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Normally, in object oriented programming, object creation is not difficult. But what if your object needs to be created based on different conditions or other matters of context? Then you will spend hours in debugging and updating--unless you know about design patterns. David Fells explains how they work, and uses the creation of a maze to illustrate his points.

TABLE OF CONTENTS:
  1. Design Patterns in PHP - Factory Method and Abstract Factory
  2. Factory Method
  3. Abstract Factory
  4. Drawbacks of the Example
  5. Conclusion
By: David Fells
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December 20, 2004

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The Factory Method and Abstract Factory patterns allow us to build a great deal of flexibility into our applications by abstracting the process of object instantiation and by helping consolidate creational knowledge in the appropriate classes. The Factory Method pattern teaches us how to use methods for object creation rather than directly instantiating objects through client code. This lets the factory method itself do any work it needs to do in creating the object - work that could involve contextual considerations or initializing certain resources in the object. The Abstract Factory class teaches us how to create groups of related objects with a common interface, creating client code that expects neither a specific type of object nor a specific type of factory.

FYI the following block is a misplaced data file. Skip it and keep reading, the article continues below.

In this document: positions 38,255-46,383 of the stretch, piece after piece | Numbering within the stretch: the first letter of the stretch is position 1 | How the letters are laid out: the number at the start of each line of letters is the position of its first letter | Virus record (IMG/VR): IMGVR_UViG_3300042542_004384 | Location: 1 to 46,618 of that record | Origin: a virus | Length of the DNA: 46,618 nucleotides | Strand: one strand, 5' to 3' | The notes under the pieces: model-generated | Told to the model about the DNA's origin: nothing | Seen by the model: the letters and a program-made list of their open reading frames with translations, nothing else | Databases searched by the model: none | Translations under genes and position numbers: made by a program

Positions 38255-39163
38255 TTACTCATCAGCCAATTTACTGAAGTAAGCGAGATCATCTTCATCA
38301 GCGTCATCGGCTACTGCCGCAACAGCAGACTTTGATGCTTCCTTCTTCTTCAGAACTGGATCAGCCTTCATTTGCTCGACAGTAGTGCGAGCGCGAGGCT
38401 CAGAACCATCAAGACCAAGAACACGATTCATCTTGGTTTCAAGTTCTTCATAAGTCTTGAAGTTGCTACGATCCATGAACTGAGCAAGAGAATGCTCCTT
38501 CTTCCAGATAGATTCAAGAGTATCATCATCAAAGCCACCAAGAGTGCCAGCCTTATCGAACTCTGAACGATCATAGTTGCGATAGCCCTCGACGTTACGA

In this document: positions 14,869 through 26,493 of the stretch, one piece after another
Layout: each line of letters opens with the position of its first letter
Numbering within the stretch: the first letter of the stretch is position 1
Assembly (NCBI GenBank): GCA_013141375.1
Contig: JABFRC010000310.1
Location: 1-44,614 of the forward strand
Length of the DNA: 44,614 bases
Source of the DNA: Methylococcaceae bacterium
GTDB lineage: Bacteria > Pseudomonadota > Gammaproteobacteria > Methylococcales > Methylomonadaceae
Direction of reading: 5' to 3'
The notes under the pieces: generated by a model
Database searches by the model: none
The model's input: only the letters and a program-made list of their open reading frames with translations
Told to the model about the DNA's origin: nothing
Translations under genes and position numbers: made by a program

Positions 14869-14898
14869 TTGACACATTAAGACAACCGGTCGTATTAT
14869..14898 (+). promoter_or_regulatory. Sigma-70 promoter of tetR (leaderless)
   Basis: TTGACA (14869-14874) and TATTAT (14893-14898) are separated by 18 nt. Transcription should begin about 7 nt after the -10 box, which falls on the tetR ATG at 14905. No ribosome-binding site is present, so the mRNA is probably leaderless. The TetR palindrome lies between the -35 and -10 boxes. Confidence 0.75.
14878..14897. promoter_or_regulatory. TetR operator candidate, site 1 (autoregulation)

One of the most important concepts in good object oriented design is "design to an interface, not an implementation." What this means is that you should code your application to expect standard sets of object behaviors but not to expect specific object types. This results in a system of objects that know as little as possible about one another and, so long as the interfaces to these classes do not change, the internals of the classes can vary without adversely affecting other classes in the system.

In the final createMaze() example above, we see this in action on two levels. First, we pass any MazeFactory type object to the method, which is used to instantiate various MapSite objects and load them into a Maze. Second we are working with the Maze and MapSite objects without worrying about their specific class, just their interface - we know a Room needs a room number when we create it and we know we can enter a room. It does not matter to the client code that the room may be an EnchantedRoom or a RoomWithABomb - all it needs to know is how to create it and how to use it. This is the very definition of programming to an interface. The opposite case is true with the first maze example where createMaze() directly creates specific Room, Door, and Wall objects.

The use of these two patterns is a good starting point for programmers just beginning to learn about patterns and good object oriented design. This is the first in what will be a series of articles on design patterns with PHP examples and is intended for developers who are somewhat new to design patterns. Thanks for reading and please don't forget to leave some feedback in the comments section!



 
 
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